• Greg G.

          If you had one hair from my head, it would show that I exist, possibly as a set of twins or triplets or clones, with that set of DNA. But that does not imply that I am maximally great in bed.

          If you could show a part of God exists, it would mean that God is no longer tied for first as the Hide and Seek Champion of the Universe with all the other gods. He would be last, thus not maximally great.

        • that does not imply that I am maximally great in bed.

          Confidence! Don’t sell yourself short. What small deviation there is between you current status and MGiB you can work on as your 2017 new year’s resolution.

        • Greg G.

          Oh, I actually am MGiB (I should make that my Disqus handle) but you can’t tell that from my hair. You need to see the smile on my wife’s face.

        • al kimeea
        • adam

          ” (1) attempts to show that God’s (MGB) nature and commands are the foundation for moral values and duties.”

          No, it CLAIMS it, it doesnt attempt to demonstrate that God is anything but IMAGINARy

          ” MGB implies the other part’s of God.”

          No, just another vacuous CLAIM

        • Paul B. Lot

          (1) If God does not exist, a part of God’s nature does not exist.

          This does not follow, it’s the fallacy of composition.

          If [xyz] does not exist, a part of [xyz] does not exist.

          i.e.: The sport of basketball does not exist, therefore hoops do not exist.

          Because this first premise is invalid, your argument is invalid. Because your argument is invalid, it tells us nothing about the truth or falsehood of your conclusion.

          Does “God” exist? Perhaps, but if it does your argument does nothing to show it.

          PS. Note that I also take issue with your second premise, but as it only requires one faulty premise for an entire argument to be invalid, I won’t bother myself with attacking it at this time.

        • MR

          If leprechauns do not exist, then rainbows do not exist. That would really suck because I like rainbows, so I’m very happy that leprechauns exist.

        • scdorman

          The problem here is this,”The sport of basketball does not exist, therefore hoops do not exist.” Hoops and basketball are not analogous to God and objective moral values and duties because you can have one without the other.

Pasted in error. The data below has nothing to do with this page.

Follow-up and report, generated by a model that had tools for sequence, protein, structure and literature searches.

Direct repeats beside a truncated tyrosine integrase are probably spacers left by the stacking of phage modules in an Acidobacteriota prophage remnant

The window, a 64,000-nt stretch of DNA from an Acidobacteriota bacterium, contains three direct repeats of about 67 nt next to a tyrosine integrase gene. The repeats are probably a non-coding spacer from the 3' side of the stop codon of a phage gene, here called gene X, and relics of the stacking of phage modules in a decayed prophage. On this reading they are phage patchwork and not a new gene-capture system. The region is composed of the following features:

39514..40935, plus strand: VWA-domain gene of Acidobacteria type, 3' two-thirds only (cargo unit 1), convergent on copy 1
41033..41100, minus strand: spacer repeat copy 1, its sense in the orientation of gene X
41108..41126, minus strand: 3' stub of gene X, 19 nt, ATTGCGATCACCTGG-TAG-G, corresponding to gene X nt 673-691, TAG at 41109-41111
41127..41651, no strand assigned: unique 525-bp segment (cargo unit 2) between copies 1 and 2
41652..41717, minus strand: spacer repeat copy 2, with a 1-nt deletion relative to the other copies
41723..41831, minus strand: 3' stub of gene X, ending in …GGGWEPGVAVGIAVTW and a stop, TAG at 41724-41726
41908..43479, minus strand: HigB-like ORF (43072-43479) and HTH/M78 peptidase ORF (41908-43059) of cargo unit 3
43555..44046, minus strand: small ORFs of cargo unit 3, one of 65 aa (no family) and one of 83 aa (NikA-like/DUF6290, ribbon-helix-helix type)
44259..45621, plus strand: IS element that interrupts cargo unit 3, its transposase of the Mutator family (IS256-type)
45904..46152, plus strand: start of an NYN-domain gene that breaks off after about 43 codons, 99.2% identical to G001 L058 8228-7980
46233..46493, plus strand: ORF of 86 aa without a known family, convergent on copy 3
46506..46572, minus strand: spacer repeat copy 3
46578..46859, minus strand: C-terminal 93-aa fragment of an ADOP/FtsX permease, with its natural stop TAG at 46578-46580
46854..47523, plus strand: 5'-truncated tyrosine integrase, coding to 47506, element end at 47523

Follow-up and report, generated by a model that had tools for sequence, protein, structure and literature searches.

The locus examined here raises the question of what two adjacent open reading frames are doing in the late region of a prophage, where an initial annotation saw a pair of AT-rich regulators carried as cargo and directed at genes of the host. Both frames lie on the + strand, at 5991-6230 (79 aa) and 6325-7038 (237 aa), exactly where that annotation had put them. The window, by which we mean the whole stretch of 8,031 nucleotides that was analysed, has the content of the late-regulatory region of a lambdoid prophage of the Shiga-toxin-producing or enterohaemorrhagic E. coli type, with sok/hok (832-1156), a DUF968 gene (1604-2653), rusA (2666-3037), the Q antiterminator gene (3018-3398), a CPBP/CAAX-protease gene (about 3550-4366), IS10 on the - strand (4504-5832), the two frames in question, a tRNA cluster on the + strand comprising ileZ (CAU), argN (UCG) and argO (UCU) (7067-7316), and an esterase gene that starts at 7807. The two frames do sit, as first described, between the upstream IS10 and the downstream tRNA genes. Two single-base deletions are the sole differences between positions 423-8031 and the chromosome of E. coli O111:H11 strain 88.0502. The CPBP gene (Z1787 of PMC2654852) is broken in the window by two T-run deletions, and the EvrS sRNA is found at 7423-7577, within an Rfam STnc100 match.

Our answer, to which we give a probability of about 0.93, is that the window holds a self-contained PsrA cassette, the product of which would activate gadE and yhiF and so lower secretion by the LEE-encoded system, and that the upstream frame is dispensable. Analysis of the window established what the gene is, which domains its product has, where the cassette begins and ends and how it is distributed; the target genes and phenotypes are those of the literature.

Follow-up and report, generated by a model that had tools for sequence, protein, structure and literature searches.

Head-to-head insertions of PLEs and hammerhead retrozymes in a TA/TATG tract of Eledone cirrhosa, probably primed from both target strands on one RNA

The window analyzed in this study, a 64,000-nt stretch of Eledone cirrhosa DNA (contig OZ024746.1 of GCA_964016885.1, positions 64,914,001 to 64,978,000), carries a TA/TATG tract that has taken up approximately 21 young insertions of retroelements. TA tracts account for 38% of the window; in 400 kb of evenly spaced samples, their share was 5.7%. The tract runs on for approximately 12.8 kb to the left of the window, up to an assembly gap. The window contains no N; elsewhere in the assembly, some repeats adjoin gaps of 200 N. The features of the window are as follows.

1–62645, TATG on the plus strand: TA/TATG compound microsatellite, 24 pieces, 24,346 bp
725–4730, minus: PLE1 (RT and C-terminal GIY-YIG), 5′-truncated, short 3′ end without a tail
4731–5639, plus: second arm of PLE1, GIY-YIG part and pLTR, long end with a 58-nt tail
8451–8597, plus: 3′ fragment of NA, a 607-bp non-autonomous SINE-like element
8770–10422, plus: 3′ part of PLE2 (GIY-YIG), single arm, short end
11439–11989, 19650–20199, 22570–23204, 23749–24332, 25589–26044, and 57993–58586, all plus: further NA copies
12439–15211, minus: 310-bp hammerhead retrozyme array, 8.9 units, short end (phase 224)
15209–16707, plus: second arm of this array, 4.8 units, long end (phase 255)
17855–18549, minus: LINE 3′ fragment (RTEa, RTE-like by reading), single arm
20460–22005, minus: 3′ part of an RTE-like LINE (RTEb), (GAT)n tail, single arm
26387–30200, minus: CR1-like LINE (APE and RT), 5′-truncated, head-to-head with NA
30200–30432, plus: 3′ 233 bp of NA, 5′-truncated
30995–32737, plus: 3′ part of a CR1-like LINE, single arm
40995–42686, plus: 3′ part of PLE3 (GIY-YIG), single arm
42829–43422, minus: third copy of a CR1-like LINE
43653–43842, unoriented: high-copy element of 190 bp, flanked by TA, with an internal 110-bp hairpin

• Greg G.

          If Karma does not exist, then objective moral values and duties do not exist.

        • scdorman

          If Karma and objective moral values and duties were necessarily dependent on each other for their existence then you could make this argument.

        • MNb

          Like you haven’t shown that your god and those objective moral values and duties are necessarily dependent on each other. As one and just one counterexample refutes a statement like this one I once again refer to Daniel Fincke.

        • adam

          “If Karma and objective moral values and duties were necessarily
          dependent on each other for their existence then you could make this
          argument.”

          Are you saying that they are not?

        • MR

          You haven’t demonstrated moral values, only subjective ones.

        • Paul B. Lot

          Hoops and basketball are not analogous to God and objective moral values and duties because you can have one without the other.

          If you were correct that they are disanalogous in the way you claim, then I would agree with you.

          Show it.

          Show why we should accept that it would be impossible to have “objective* moral values” without “God” existing.

          If you cannot show this, then I am forced to conclude that your arguments are unsound.

          * I imagine you mean “absolute” here, but I’ll let is slide for the remainder of our conversation – know that I do not think the two are equivalent, however.

        • scdorman

          So, the evidence for (1) is simply that God’s nature and commands makes the most sense for what the nature of objective moral values and duties would be, if you think about it. On atheism, you have a hard time grounding objective moral values and duties. For example, if they are just a product of social and biological conditioning then they are arbitrary. If you think that they exist abstractly, like in a platonic sense, then you have problems as well. How can justice, a property of free-agents, exist by its self? How can you make sense of moral obligations if all you know is what is good and bad, but not what is right and wrong? What would obligate you to do this good thing or not do this bad thing? “Thirdly, it is fantastically improbable that just that sort of creature would emerge from the blind evolutionary process that corresponds to the abstractly existing realm of moral values.” However, if moral values are grounded in God’s nature and our moral duties in God’s commands, then the theist doesn’t have any of the above problems.

        • MNb

          “God’s nature and commands makes the most sense for what the nature of objective moral values and duties would be, if you think about it.”
          I have thought about it and no, it doesn’t make the most sense.